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Dubairt dreani eile, “nać raib sin dearbta go sead; oir an fear tug an mionna, go bfaca se og a posad i, go raib se fiaršuileac, lag-Fadarcaė; agus go mbfeidir leis á beit meallta.
“Masead,” arsa fear aca, “ teige sise go Connačta, fa dein sagairt Ghoirt, go bhiosfad seseam mas i an bean ceanna a pòs sê.”
“Ni head,” årsa cuine eile, “ded teige si fa dein an tsagairt eile ag enoc Mağa, go bhiosa sesean, mas i an bean ceadnasa a d’eug faoi na curam.”
Togad gaire nà cuideactà anagaid an 'fir sin; ionnas go dtainic an cùis a beit na adbar grinn ñá measg.
Fa deiread, anuair do connairc Tadg o Haod, nac raib siad air ti reidtig deanam, no deiread cur leis, d'iarr se cead labairt leis an Easboc.
“A tiarna èasbuic,” är sesean, a gcreideann tusa gur tugad an beansa air siubal, leis na siġeoguib?”.
“Ni creidimse a leitid, go deimin,” afsa an teasboc.
“O! Maiséad beannact De go raib agad, fan sgeul sin; oir beid Maire ni Ruairc agam sa go sead."
" Cionnas sin," arsan teasboc, “ma érụtaigtear gur posad i leis an tSeoigeac roriadsa ?”
“Cuma sin," arsa Tadg; “ dar ndoig na gcuirfeasà dfiaćuib uirrte, a beit nå mnaoi aige, deis a bàis."
Do maodaid an cliar uile a gcionn gaire, indiaig comraid Thaidg; agus dubairt cać "gur mait a dubairt se è; agus gur b'aige bi an cuid do b'fearr sạn conspoid."
Ba deacair don easboc a ngiore, sa meagair a cosg, no breit a tabairt; aċd go dtug se coñairle do Thadg, 's do Mhaire "a dol, leis an dìs eile, go Connaćtà, latair an da sagairt, 110 go bfuigidis amac fios na fìrinire.”
Others said, “ that was not yet certain, for the man who swore that he saw her married, was squinteyed and din-sighted, and that he might be mistaken."
“Well,” said some, " let her go to Connaught to the priest of Gort, thdt he may know if she is the same woman whom he married.
“Not so," said the others, “but let her go to the other priest, at Knock Magha, that he may know if she is the same woman who died under his
The laugh of the assembly was excited against the latter, so that the business produced considerable mirth among them. At length, when Thady Hughes saw that they were not about to decide or terminate the affair, he asked leave to speak to the bishop.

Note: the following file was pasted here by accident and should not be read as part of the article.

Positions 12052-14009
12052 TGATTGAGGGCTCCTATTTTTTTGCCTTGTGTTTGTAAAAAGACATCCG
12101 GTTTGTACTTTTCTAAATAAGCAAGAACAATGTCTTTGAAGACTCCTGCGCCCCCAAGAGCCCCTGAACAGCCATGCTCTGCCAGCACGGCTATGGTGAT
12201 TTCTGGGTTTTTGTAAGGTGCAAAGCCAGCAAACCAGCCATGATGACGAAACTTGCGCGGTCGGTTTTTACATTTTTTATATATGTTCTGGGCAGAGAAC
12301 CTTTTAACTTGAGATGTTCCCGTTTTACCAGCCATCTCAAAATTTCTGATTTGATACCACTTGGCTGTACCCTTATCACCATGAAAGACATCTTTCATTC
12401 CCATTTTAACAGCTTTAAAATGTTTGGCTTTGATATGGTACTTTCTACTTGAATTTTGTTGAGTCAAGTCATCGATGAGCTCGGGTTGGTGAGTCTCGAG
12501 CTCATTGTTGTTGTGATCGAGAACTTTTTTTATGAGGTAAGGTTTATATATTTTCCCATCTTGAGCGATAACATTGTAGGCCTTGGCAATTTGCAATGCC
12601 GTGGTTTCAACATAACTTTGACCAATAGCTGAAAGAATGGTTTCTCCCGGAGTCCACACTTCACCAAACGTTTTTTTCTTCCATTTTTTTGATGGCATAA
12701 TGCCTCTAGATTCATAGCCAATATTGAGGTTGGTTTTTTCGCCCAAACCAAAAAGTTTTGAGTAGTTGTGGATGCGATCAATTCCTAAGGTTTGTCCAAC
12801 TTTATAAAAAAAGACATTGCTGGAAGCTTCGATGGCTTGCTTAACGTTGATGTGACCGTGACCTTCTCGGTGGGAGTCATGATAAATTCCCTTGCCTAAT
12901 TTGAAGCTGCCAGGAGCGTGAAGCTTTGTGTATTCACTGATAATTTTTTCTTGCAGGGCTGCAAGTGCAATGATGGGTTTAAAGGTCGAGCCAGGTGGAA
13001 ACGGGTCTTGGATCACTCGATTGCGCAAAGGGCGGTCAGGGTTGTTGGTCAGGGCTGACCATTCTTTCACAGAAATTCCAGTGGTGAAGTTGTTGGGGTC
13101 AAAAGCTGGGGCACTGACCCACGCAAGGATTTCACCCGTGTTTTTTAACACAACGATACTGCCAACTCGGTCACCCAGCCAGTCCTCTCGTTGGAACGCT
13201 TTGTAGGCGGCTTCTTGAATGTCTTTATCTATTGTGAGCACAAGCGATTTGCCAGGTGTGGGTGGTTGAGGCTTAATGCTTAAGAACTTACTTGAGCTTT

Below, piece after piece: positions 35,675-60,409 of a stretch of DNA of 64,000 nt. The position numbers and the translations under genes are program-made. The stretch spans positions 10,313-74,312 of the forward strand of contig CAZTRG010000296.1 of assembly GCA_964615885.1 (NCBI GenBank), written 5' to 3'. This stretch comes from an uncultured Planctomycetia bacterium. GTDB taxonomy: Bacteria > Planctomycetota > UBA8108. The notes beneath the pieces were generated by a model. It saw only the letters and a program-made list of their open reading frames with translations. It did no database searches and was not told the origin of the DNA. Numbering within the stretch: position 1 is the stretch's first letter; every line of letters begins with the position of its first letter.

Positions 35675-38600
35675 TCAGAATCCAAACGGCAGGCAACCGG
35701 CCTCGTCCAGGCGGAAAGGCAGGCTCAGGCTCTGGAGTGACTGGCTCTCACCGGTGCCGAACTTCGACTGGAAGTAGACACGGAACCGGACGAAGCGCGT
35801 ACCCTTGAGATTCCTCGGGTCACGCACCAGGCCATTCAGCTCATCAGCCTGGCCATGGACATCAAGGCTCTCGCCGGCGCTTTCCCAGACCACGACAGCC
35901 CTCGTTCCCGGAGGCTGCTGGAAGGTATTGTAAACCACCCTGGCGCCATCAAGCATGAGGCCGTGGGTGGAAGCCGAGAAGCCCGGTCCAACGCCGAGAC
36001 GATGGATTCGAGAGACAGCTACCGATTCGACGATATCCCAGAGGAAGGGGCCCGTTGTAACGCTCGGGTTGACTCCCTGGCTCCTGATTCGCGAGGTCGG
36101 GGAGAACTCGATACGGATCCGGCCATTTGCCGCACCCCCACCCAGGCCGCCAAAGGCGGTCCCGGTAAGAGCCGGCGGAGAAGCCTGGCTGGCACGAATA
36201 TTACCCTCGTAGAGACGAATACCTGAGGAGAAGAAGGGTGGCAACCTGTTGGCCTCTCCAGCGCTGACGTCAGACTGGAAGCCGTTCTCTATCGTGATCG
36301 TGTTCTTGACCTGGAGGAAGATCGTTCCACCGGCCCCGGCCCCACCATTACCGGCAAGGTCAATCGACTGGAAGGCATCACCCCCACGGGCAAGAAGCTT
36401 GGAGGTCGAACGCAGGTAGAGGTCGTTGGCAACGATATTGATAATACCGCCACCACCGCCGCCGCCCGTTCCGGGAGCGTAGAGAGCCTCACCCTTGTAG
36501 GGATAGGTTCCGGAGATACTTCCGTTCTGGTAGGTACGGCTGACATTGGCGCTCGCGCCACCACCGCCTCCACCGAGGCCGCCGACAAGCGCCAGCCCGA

“My Lord Bishop,” said he,“ do you believe that this woman was carried away by the fairies 2"
“ Indeed, I believe no such thing," said the bishop.
“Oh! God bless you for saying so, for I shall keep Mary Rourke still.
“How can that be,” said the bishop," if it be proved that she was married to Joyce before you?"
“ No matter for that,” said Thady, “ surely she is under no obligation to be his wife after her death."
The clergy all burst into laughter, after Thady's speech, and said unanimously, “ that he spoke well, and that he had the best part of the cause.”
With difficulty the bishop restrained their mirth and laughter ; he then advised Thady and Mary to go, with the other two men, to Connaught, before the two priests, that the truth might be ascértained,
“ A triat;"
“ A triat;“ arsa Tadg, “nil mise a ngeall air a dol leis a t Seoigeac; aċd, mas i do toilse, teise sesean na baile, agus račfuinnse fèin agus Maire, agcionn seačtmain eile, fa dein sagairt inoc Maga; agus ma erutaigean an Seoigeać ann sin, gur b' i so a bean, dar ndoiġ naė sèanan an duine uasal sin an litir a cuir faoi na lain, gur eug si."
Toit, a duine gan ceill a dubairt an teasboc imtiġid uaim, ni heistiom lib nios faide.”